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Guidance to licensing authorities

The Gambling Commission's guidance for licensing authorities.


3 - Private gaming

28.11. Private gaming can take place anywhere to which the public do not have access, for example, a workplace. Domestic and residential gaming are two subsets where non-equal chance gaming is allowed.

  • Domestic gaming is permitted without the need for permissions if:
  • it takes place in a private dwelling
  • it is on a domestic occasion
  • no charge or levy is made for playing.
  • Residential gaming is permitted when:
  • it takes place in a hall of residence or hostel not administered in the course of a trade or business
  • more than 50 percent of the participants are residents.

28.12. Private gaming can potentially take place on commercial premises in circumstances where a members’ club hires a room in, for example, a pub or hotel for a private function where equal chance gaming only is played. However, organisers would need to scrutinise very carefully the arrangements put in place to make sure that the particular area of the pub, hotel or other venue in which the gaming takes place is not, on the occasion of the private function, a place to which the public have access and that those participating are not selected by a process which means that, in fact, they are members of the public rather than members of the club. The law in this area is complex and organisers should be advised to seek their own legal advice before organising events of this nature.

28.13. It is a condition of private gaming that no charge (by whatever name called) is made for participation and Schedule 15 to the Act makes it clear that a deduction from or levy on sums staked or won by participants in gaming is a charge for participation in the gaming. It is irrelevant whether the charge is expressed to be voluntary or compulsory, particularly if customers are prevented from playing if they do not make the ‘voluntary’ donation, or there is strong peer pressure to make the donation. A relevant decided case in another licensing field is that of Cocks v Mayner (1893)58 JP 104, in which it was found that an omnibus, said to be available free of charge but whose passengers were invited to make a voluntary contribution, was ‘plying for hire’ without the appropriate licence.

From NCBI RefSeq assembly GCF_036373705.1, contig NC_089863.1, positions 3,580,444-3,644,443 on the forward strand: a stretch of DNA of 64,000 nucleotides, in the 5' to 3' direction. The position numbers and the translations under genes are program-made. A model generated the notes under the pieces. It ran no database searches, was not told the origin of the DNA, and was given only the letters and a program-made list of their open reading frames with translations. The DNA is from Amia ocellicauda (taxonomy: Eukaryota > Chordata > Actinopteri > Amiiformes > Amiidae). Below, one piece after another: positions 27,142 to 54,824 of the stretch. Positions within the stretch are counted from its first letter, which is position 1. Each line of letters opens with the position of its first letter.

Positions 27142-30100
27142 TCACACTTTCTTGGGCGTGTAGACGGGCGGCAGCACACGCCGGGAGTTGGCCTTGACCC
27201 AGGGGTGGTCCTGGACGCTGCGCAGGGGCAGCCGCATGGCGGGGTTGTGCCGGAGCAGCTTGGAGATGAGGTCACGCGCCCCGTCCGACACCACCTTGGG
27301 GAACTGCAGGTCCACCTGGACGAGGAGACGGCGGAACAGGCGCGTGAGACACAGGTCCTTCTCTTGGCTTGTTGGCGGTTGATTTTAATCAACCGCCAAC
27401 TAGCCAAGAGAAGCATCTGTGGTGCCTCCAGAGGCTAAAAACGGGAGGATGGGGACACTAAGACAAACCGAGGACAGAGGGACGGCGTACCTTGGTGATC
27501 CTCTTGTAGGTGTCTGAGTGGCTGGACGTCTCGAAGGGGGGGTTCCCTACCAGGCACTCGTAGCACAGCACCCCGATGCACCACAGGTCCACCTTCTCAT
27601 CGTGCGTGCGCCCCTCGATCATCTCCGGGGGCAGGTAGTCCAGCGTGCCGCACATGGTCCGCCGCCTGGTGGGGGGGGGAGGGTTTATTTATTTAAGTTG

28.14. Additionally, the decided cases of Panama (Piccadilly) Ltd v Newberry (1962) 1WLR 610 and Lunn v Colston-Hayter (1991) 155 JP 384 are helpful in guiding licensing authorities in deciding whether a person ceases to be a member of the public merely because they have agreed to become a member of a club.

28.15. In the first of these cases, which related to a strip show, the Court said that an applicant for membership of the club and admission to the show was and remained a member of the public, as the whole purpose of membership was to get members of the public to see the show and there was no sufficient segregation or selection to cause an applicant to cease to be a member of the public and to acquire a different status as a member of a club on signing his application form and paying the charge. In the second case, which related to an acid house party, the judge said that it was impossible, merely because of the existence of a formal scheme of club membership enforced to the extent of requiring tickets to be obtained 24-hours in advance of the event, to regard those who obtained such membership and tickets as having ceased to be members of the public.

28.16. This means that people joining a club to attend and take part in a private event are likely to remain members of the public, particularly if club membership is acquired only a short time before, in order to attend the event. The courts will not readily allow membership status to be abused in order to circumvent the law in this way.

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Non-commercial gaming
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Private betting
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